We were in Banff National Park and we were here to see mountains. And glacial lakes. And wildlife if they obliged. There are beautiful drives to get you out there in amongst it and this post covers two made during our short stay in the area. Whether we would in fact see the mountains was entirely up to the weather gods whose moods were very changeable.
Bow Valley Parkway
The day we left Banff for Lake Louise we gave the Trans-Canada a miss for the original road, the Bow Valley Parkway. It was a fairly dismal day but waving my fist at the sky wasn’t going to change anything, and hey I guess the rain wasn’t heavy.
Our first stop was here at Mule Shoe to find a pairing of the Parks Canada chairs, also covered in my separate ‘red chairs’ post,
Took a few rubbishy shots from the car at a swathe of land along the Sawback Range which was given a prescribed burn in 1993.
An environmentally-friendly quirk, the road here curves around a tree. It came to be about 70 years ago when the road was widened and the guy in charge of the park decided the tree should be left where it was! The original tree is gone but its legacy lives on.
It was also nice to see splashes of autumn.
We trotted off to see Silverton Falls – and maybe also some wildlife.
No wolves so far.
It was pretty easy going, a little mountain-goatness required.
A trick of perspective that’s either making the falls miniature or me about 40m tall.
At the base of Castle Mountain (which like all the other mountains today we couldn’t see) an internment camp was built during WW1 for immigrant prisoners. They were used as a workforce and constructed many roads and bridges in Banff National Park.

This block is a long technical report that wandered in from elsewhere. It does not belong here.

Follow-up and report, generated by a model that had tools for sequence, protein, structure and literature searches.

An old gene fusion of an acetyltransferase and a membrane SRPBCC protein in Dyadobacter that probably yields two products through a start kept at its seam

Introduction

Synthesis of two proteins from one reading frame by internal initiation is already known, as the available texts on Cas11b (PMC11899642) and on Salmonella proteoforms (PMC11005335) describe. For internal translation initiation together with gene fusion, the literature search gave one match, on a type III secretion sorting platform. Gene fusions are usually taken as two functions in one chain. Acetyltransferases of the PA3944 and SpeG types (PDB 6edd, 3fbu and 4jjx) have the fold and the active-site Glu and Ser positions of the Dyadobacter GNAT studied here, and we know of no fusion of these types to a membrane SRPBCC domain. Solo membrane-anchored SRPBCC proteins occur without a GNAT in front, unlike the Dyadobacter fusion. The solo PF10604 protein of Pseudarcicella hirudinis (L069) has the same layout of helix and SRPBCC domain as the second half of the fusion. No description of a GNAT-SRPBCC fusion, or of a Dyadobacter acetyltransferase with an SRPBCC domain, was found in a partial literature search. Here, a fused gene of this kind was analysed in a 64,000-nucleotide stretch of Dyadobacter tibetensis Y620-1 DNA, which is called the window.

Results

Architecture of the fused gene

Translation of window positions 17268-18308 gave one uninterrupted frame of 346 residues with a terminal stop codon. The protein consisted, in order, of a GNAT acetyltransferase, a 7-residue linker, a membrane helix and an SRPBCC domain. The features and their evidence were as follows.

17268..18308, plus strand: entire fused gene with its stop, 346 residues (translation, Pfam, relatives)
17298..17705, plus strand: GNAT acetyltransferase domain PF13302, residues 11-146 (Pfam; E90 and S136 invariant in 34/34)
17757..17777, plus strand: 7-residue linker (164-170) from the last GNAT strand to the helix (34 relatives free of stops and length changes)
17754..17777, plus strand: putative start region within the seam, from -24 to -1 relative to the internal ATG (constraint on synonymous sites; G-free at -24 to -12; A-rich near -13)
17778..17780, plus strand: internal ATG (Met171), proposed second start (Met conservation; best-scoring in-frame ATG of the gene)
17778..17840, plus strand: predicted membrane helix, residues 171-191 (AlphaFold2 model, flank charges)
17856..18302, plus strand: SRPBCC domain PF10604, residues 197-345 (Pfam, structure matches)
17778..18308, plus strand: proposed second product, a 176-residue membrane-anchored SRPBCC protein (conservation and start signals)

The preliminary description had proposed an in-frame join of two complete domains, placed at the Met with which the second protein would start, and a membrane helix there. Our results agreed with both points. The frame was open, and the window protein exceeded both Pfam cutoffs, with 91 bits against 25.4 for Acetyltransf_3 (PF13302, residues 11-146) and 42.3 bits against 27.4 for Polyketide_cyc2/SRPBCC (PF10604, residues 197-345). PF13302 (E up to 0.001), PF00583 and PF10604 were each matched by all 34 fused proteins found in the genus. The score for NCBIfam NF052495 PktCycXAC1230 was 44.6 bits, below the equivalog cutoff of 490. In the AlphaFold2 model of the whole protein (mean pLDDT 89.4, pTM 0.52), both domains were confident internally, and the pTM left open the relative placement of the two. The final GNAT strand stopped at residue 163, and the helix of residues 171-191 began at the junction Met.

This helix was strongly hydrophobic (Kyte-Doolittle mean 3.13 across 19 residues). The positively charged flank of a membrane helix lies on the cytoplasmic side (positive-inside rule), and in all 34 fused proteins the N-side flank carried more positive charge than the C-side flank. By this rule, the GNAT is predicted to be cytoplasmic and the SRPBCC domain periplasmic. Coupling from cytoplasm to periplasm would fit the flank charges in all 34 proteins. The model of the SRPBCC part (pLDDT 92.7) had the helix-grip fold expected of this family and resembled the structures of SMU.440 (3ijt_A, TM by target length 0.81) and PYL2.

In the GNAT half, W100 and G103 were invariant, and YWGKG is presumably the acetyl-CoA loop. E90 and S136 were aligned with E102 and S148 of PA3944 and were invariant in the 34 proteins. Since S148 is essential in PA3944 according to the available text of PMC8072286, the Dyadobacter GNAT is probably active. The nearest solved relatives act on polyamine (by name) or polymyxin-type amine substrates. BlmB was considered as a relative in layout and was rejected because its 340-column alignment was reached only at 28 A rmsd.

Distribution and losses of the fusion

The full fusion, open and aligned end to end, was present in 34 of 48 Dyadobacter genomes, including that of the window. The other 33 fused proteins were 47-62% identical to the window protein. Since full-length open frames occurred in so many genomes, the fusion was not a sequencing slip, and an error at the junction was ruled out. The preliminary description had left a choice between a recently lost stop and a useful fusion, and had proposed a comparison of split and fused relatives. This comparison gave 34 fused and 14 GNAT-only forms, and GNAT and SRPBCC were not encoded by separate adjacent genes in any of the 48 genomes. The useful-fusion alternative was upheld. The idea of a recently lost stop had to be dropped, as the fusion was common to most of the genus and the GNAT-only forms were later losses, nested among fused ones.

The actual camp is apparently west of the roadside memorial but it seemed that the trail wouldn’t take us there. We did however find this colourful perhaps less-official memorial.
Also of note historically are the mining and milling towns that sprang up after the railway’s construction, until resource extraction in the park was stopped. You’d never know it today as no traces remain, at least from what I could tell.
There are far more majestic photos of this location out there but a) aforementioned weather; b) no train obliged our timetable. This is Morant’s Curve, which some say is the most famous location along the Canadian Pacific Railway.
There are other stunning spots along the parkway which we had to flag, so I feel I have unfinished business with this road.
From our base in Field we reserved a day for driving some of the iconic Icefields Parkway and having a look at the Lake Louise ski resort. In ’04 I did a bus tour along all of the parkway up to Jasper. Today we’d barely be making a dent in that full journey – made possible because of the 1930s Depression Era project which first created it – but the skies were largely cooperative so what we did see was superb.
Crowfoot Glacier – shrinking away but for the time being it’s still visible from the road.
Crowfoot Glacier feeds into Bow Lake. I wondered what the red-roofed building was – we’d find out a bit later.
Luckily I wasn’t driving – too many distractions.
The walk to the Peyto Lake lookout was in snow, much like it was in ’04.
It was as stunning as I remembered it.
We faffed around here for quite a while before heading back toward Lake Louise. Were there loads of other people? Yes.
We turned off at Bow Lake where we’d seen the red-roof building which proved to be a hotel lodge. Its construction started in 1937 after the road had made it that far and is still fairly original. However we bypassed it to head over to the lake shore.
In another direction you get a direct if distant view of the Bow Glacier.
And that was the end of our short foray up the Icefields Parkway.
We weren’t quite done with the Rockies though, I’ve saved the best til last.